Biomass and Polysaccharides in Granule

The exopolysaccharide (EPS) matrix in the granule was detected with a FITC-labeled lectin (ConA-FITC) from Canavalia ensiformis. The LIVE/DEAD® BacLight Bacterial Viability Kit (Molecular Probes, OR, USA) was used to evaluate quantity of dead and viable biomass. Intensity of green fluorescence of biomass stained with SYTO™ from this kit correlated with the number of ribosomes in cells, which depends on specific growth rate. Therefore, staining with SYTO™ was used for the detection of the active biomass layer in the granule.

The anaerobic layer in the aerobically grown granule was detected by the presence of obligate anaerobic bacteria Bacteroides spp. This layer was situated at a depth of 800-900 |xm from the surface of the granule (Fig. 6.4c). The layer of anaerobic bacteria was followed by a layer of dead microbial cells at a depth of 800-1000 |xm from the surface of the granule (Fig. 6.4e). Anaerobiosis and cell death in the granule interior was probably promoted by the formation of polysaccharide plugs in the channels and pores. These plugs diminished the mass transfer rate of both nutrients and metabolites. Polysaccharide formation peaked at a depth of 400 |xm from the surface of the granule (Fig. 6.4f).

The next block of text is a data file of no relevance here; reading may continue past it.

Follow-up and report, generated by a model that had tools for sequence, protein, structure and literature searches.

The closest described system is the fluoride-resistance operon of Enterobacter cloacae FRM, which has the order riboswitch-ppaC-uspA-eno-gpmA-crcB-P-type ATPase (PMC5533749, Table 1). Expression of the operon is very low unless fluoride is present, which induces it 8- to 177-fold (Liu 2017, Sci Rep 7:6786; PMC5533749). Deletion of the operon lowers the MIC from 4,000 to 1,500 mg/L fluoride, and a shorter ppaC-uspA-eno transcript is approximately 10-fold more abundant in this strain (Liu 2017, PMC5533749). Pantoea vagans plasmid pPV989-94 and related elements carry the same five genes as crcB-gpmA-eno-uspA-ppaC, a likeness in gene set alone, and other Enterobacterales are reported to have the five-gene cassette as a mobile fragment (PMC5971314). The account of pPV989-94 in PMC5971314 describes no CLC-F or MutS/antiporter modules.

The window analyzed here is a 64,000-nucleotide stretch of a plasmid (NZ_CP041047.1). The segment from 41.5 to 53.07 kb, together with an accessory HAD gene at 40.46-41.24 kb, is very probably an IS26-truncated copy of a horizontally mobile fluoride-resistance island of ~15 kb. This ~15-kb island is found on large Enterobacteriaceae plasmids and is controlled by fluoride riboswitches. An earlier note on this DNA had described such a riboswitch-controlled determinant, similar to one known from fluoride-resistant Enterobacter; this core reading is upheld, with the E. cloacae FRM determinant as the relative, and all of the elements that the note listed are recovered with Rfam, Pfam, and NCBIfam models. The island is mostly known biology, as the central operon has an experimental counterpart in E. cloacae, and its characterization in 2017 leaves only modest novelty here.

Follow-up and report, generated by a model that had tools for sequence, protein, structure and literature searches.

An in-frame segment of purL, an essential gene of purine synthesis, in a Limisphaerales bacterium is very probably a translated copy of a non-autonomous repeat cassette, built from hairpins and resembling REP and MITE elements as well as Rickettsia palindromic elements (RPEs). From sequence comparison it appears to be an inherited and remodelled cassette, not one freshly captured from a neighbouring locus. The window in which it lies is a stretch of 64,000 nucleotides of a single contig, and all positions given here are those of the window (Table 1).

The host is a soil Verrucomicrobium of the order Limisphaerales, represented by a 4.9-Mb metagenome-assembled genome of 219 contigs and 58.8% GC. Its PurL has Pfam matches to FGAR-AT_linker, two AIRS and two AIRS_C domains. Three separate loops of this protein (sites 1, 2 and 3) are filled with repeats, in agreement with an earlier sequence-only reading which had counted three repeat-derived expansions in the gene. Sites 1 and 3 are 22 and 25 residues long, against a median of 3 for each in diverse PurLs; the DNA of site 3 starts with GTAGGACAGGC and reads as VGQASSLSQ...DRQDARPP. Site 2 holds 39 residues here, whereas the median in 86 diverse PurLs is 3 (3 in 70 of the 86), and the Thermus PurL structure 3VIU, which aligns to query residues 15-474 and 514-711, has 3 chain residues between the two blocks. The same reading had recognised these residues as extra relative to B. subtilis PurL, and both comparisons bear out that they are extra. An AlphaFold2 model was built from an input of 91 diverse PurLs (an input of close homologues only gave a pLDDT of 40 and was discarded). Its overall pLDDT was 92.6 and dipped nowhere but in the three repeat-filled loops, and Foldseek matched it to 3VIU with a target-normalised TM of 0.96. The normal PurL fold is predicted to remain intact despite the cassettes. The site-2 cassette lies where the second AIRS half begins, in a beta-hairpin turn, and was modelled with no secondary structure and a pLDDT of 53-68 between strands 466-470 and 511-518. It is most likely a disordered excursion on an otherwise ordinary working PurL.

The core in some granules contains dead microbial cells and polysac-charides at a depth of 800-1000 |xm from the surface of the granule (Fig. 6.4e). Cell death in the core was probably promoted by the formation of polysaccharide plugs in the channels and pores.

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